• December 14Dept. of Education to Cancel $150 Million in Student Loan Debt

  • December 12Trump's Former Lawyer Michael Cohen Gets 3 Years In Prison

  • December 12ICE Arrests 170 Immigrants Seeking to Sponsor Migrant Children

  • December 11Google+ To Be Shut Down After Bug Reveals Private Information Of 52.5 Million People

  • December 6Five Marines Missing After U.S. Warplanes Collide Off Japan

  • December 5First Baby Born After Deceased Womb Transplant

  • December 4Law Officer Says UK Can Cancel Brexit

  • December 3Polio-Like Illness AFM 'Appears To Have Peaked' In US For The Year

  • December 3Asian Longhorned Ticks Spreading In The US, Now In 9 States

  • December 3Amazon Briefly Became The World's Most Valuable Company

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The “Struggles” of a Twitch Streamer

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Twitch.tv is a platform, like Youtube, that streams videos. However, Twitch is mainly directed towards gaming and most streams are live. The streamers on the site make money by donations and contributions from their fans. Many people, specifically those without an understanding of the platform, feel that it is easy to be a Twitch streamer. I conducted an interview with a small Twitch streamer named FelixWind, and asked him a few questions about his twitch career. What I knew beforehand that he had over 1,000 subs and the average views on his streams are about 50-300 people. I started asking him if twitch was his main source of income:  

 

Felix: “It is not! I work part-time at EB Games here in Canada.”

Me: “How long have you been doing twitch?”

Felix: “I’ve been streaming for the better half of two years, this February actually will be my second consistent year.”

Me: “Was there a time where your view count blew up, or did you gradually gain views and subs?”

Felix: “I’ve definitely seen spikes here and there but nothing too crazy. Most of my growth has been pretty steady!”

Me: “Was there anytime that you felt like giving up?”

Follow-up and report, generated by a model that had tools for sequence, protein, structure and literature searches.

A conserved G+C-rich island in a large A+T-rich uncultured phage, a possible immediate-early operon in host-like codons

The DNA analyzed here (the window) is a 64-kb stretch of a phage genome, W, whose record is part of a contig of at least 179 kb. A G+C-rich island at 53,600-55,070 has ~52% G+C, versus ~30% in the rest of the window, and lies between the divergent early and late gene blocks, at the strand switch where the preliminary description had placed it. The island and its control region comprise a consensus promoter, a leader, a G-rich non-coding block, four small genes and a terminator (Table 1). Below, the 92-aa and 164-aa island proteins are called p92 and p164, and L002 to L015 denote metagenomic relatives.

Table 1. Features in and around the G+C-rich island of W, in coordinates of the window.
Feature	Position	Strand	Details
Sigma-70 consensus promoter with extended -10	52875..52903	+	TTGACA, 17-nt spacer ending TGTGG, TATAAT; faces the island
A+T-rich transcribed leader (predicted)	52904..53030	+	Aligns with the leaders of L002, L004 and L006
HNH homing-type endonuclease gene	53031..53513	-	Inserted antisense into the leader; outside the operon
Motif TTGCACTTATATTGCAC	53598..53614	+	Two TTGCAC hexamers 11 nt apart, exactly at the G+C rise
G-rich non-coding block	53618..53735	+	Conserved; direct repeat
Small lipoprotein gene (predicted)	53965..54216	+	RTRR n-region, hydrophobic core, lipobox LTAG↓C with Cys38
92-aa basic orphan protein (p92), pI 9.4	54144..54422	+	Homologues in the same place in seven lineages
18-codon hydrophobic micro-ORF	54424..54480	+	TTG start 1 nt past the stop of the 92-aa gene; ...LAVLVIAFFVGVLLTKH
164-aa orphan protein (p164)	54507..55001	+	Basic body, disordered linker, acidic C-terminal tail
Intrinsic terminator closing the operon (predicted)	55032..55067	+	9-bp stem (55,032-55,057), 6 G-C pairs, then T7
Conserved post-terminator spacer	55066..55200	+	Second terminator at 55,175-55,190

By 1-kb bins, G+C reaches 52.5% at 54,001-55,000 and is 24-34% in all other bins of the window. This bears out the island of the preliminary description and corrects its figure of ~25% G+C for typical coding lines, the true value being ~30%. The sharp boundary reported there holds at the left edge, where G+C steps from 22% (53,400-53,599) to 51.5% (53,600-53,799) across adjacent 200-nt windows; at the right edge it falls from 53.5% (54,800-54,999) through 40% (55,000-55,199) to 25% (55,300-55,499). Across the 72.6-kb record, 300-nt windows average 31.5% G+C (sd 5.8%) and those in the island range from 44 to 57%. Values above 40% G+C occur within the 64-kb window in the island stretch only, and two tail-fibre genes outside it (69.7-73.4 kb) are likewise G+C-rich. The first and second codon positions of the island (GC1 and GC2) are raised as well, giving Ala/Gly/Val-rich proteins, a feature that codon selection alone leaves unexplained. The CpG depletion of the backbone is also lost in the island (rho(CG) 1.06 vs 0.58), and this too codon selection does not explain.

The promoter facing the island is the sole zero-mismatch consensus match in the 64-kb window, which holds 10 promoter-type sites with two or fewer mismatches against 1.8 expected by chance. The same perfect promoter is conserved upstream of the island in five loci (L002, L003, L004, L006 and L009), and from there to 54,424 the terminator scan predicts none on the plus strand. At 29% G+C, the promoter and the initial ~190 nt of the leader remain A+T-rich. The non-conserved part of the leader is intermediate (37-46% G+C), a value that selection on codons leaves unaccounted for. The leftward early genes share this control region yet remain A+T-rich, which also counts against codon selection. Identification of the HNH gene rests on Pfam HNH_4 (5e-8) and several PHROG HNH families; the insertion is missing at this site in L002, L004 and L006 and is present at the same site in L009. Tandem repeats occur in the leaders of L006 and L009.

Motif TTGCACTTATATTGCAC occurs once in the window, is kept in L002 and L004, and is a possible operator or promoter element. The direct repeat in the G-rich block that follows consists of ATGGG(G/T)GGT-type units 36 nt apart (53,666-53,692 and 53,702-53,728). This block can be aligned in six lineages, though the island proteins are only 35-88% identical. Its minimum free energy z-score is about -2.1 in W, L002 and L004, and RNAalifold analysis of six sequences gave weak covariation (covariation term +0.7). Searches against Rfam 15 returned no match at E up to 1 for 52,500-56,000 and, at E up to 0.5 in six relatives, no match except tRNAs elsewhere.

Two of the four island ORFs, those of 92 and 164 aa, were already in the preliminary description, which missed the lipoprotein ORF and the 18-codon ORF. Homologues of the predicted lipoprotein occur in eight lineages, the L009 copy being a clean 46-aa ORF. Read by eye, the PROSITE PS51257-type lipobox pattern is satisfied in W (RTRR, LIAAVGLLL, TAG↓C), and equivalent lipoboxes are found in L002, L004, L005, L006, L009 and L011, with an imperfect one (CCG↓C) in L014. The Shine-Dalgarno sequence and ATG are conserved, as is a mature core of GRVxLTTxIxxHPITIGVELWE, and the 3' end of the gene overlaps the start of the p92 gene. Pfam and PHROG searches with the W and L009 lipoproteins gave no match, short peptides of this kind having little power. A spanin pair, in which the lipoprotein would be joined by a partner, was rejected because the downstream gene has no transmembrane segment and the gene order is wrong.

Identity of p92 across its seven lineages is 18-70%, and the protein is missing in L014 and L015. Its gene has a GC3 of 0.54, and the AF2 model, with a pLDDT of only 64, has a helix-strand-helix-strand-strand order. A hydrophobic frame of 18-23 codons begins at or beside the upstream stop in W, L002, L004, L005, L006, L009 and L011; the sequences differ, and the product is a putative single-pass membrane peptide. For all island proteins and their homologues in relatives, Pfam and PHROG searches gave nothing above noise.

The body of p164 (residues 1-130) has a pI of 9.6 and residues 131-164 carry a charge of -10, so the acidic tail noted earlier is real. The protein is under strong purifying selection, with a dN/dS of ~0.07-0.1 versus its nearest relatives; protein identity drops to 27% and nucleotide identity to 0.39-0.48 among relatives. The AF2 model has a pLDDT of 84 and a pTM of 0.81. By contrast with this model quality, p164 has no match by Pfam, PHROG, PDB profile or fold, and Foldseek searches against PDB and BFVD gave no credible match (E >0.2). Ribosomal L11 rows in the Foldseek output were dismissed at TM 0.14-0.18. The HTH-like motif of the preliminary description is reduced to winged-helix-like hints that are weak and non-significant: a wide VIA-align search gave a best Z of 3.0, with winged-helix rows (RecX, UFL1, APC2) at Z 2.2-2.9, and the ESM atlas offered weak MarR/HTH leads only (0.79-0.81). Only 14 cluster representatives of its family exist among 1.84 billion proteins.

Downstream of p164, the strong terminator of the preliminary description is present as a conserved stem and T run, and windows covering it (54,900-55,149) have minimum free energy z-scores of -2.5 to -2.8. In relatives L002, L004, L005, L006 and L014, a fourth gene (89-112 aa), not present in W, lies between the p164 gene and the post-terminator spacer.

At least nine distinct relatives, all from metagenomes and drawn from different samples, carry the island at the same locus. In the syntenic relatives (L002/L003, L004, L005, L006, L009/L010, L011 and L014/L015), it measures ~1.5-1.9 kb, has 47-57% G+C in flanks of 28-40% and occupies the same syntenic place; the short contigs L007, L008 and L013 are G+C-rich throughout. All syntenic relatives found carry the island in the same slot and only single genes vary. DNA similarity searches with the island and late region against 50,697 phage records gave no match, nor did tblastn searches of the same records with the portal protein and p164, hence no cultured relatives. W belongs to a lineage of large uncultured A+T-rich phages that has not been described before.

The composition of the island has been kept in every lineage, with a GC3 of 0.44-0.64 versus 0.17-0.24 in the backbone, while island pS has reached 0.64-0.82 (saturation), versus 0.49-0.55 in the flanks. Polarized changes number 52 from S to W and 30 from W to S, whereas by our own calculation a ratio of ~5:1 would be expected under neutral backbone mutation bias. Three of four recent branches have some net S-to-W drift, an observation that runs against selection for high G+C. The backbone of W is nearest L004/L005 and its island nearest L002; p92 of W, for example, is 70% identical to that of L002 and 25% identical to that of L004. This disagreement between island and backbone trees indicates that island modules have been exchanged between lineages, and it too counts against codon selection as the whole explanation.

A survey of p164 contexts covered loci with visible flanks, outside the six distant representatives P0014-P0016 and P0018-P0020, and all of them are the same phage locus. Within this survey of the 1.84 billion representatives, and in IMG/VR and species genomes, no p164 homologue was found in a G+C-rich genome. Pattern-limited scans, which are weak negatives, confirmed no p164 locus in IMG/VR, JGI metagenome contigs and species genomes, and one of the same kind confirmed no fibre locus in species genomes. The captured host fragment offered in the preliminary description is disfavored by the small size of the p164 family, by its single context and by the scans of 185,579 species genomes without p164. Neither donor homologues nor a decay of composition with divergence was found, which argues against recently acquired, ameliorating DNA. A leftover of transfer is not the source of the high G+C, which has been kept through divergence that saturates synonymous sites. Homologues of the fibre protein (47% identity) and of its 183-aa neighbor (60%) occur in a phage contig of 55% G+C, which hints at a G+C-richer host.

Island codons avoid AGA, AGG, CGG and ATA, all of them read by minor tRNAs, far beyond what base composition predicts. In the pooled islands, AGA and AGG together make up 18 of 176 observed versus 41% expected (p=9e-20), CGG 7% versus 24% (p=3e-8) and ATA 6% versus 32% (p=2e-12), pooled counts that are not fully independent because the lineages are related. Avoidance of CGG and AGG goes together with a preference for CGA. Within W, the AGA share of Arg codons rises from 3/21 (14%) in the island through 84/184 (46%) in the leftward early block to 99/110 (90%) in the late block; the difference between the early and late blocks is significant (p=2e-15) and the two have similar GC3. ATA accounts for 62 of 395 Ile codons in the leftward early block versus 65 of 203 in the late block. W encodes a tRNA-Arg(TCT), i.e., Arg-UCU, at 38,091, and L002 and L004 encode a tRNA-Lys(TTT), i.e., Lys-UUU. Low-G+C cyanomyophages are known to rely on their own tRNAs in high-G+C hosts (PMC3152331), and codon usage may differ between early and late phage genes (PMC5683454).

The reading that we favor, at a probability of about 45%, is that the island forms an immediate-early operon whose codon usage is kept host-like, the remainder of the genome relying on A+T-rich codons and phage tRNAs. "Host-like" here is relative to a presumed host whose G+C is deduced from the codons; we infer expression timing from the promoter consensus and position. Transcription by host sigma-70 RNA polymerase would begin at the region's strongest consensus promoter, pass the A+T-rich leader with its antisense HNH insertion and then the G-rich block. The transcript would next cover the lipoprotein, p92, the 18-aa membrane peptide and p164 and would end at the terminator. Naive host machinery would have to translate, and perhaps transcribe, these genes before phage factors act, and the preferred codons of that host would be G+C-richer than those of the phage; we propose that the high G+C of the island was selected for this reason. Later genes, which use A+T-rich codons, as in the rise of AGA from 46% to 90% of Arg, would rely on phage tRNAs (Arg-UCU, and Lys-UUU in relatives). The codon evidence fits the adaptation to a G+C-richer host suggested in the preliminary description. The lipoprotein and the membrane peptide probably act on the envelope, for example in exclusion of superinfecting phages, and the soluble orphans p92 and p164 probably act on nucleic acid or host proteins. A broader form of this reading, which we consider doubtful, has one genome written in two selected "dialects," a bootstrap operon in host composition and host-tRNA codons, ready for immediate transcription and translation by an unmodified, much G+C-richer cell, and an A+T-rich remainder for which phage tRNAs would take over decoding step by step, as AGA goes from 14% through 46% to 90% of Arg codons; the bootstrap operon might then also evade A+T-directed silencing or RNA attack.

Felix: “Maybe ONCE. Yeah. I had been at a point where people would often visit my streams and say what’s up and so on but when i started streaming really obscure games like… Hollow Knight or like Ori and the Blind Forest (cause they were older games and this was before their re-releases). And I kinda wondered if people were watching me for me and not for what I was playing etc. Kinda brought me into a weird zone over time but i persevered somehow.

Me: “Any advice for wanna-be streamers?”

Felix: “I 100% encourage people who stream (or want to) to play things they want to play and not get caught up in numbers/viewership/money. Those are things that come with time and the most IMPORTANT thing is that you’re enjoying yourself and can be entertaining with yourself. People feed off of that and that’s what matters most. And they can tell when you’re being fake!

That was it for most of the interview. With what Felix said, one can easily conclude that it isn’t easy to blow up on Twitch and get the kind of viewership like Ninja. On top of that, if you aren’t enjoying streaming then you shouldn’t do it. The same goes with any work. If you don’t enjoy what you do, then switch it up to try and enjoy yourself. Now, streaming can cause you some issues but you will likely overcome them or you will likely move on.  

The “Struggles” of a Twitch Streamer